After hunting fin whales and other whale species to near extinction, the world came together and decided enough was enough and the International Whaling Commission placed a moratorium on all commercial whaling activities from 1986 onwards.

The moratorium is still in place today, but as many know, is not being followed by two countries: Iceland and Japan.

Japan claims that its hunts are for “scientific research,” yet that of course, is not true. Why the world allows it to continue is still a mystery, but Sea Shepherd Conservation Society is certainly not buying it, and recently drove out Japanese whalers from the Southern Ocean Whale Sanctuary – woohoo! The end to their slaughter might be in sight!

However, across the globe in the Atlantic is another problem: Icelandic whaling, which resumed operations in 2006.

As Joel R. Reynolds, senior attorney for the Natural Resources Defense Council, writes in the LA Times, “Today, over a quarter of a century after the moratorium took effect, Iceland is escalating its hunting and trading of fin whales (and other whale species), in disregard for international law, economic reason and ecological sanity.”

Reynolds is indeed correct – Iceland has actually increased its whaling activities in recent years despite the fact that fin whales – one of its main targets – is still internationally protected as an endangered species.

Just over a month ago in December 2013, the Icelandic government announced new quota numbers, allowing 229 minke whales and 154 endangered fin whales to be killed every year for the next five years.

An apt and simple response to this is: WTF, Iceland?!

Yet, don’t throw the towels in so soon. Just this week, the U.S. government actually stepped up and finally took a stand against Iceland’s unsustainable whaling activities.

According to a U.S. Fish and Wildlife Service press release, “The Department of the Interior has certified to President Obama under the Pelly Amendment to the Fishermen’s Protective Act of 1967 that Iceland’s international trade in whale meat and products diminishes the effectiveness of the Convention on International Trade in Endangered Species of Wild Fauna and Flora (CITES).”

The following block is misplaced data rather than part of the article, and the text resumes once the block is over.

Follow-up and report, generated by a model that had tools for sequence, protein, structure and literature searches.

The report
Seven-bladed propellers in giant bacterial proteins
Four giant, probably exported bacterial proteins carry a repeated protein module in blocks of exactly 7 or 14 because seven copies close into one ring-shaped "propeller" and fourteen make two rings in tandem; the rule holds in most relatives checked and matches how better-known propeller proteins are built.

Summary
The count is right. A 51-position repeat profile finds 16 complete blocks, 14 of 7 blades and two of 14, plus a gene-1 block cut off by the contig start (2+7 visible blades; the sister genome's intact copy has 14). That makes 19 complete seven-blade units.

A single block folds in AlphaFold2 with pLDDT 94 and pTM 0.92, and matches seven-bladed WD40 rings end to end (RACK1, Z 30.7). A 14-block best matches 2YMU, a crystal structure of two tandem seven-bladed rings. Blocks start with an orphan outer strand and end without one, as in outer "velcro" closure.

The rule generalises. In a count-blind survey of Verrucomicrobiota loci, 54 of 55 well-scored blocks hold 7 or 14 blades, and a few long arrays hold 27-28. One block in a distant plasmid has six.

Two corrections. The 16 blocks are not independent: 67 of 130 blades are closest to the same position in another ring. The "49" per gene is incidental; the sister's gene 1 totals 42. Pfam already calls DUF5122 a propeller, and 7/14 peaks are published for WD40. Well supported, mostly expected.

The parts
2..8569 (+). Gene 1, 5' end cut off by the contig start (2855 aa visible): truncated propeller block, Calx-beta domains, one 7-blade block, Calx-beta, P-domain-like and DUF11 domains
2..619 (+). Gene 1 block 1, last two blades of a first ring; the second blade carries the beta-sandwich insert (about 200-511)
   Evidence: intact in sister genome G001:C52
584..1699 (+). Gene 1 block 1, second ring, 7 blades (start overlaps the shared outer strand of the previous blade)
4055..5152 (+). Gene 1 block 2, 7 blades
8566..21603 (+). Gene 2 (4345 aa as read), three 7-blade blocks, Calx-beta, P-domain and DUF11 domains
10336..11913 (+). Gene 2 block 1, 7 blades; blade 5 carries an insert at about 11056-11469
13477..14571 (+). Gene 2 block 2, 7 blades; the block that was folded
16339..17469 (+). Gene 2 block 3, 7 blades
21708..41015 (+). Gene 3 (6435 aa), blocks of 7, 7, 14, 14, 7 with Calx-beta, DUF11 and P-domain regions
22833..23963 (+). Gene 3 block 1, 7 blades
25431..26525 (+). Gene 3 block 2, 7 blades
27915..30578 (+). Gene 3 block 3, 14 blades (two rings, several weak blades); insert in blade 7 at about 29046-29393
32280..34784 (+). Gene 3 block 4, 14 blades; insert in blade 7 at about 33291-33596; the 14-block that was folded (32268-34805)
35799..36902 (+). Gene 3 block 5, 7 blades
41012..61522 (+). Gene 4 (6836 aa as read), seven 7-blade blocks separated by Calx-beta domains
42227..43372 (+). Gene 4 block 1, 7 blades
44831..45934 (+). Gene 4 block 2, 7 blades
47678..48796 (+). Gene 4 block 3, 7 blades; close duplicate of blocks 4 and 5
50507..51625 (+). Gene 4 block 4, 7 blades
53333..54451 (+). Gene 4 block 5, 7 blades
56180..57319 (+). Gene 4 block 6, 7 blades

Woohoo! There is hope for change!

“Just 25 years ago, commercial whaling had nearly driven whales to extinction, but thanks to a global effort to conserve whale stocks and end over-harvesting, several whale species have begun to recover,” said Interior Secretary Sally Jewell. “Iceland’s whaling activities undermine these worldwide efforts to conserve whales.”

This isjust so nice to hear, almost makes you want to read the news over and over again, doesn’t it?

Now, we just have to wait and see what President Obama will do. According to International Fund for Animal Welfare (IFAW), the President will have 60 days to “issue a formal response which includes the option to issue economic sanctions against Icelandic companies participating in the trade of whale products.”

Fingers crossed that President Obama will take a strong stance against Icelandic whaling activities because, truly, it’s about time that someone really stood up and made others accountable for their unsustainable and cruel actions toward animals and the environment.

And guess what, Green Monsters? We can encourage him to take a stand by signing this petition from IFAW. What’s more, you can send a personalized comment to the White House here (or you can call, too!). Be a voice for the whales today – they need us.

Image source: Mike Baird / Flickr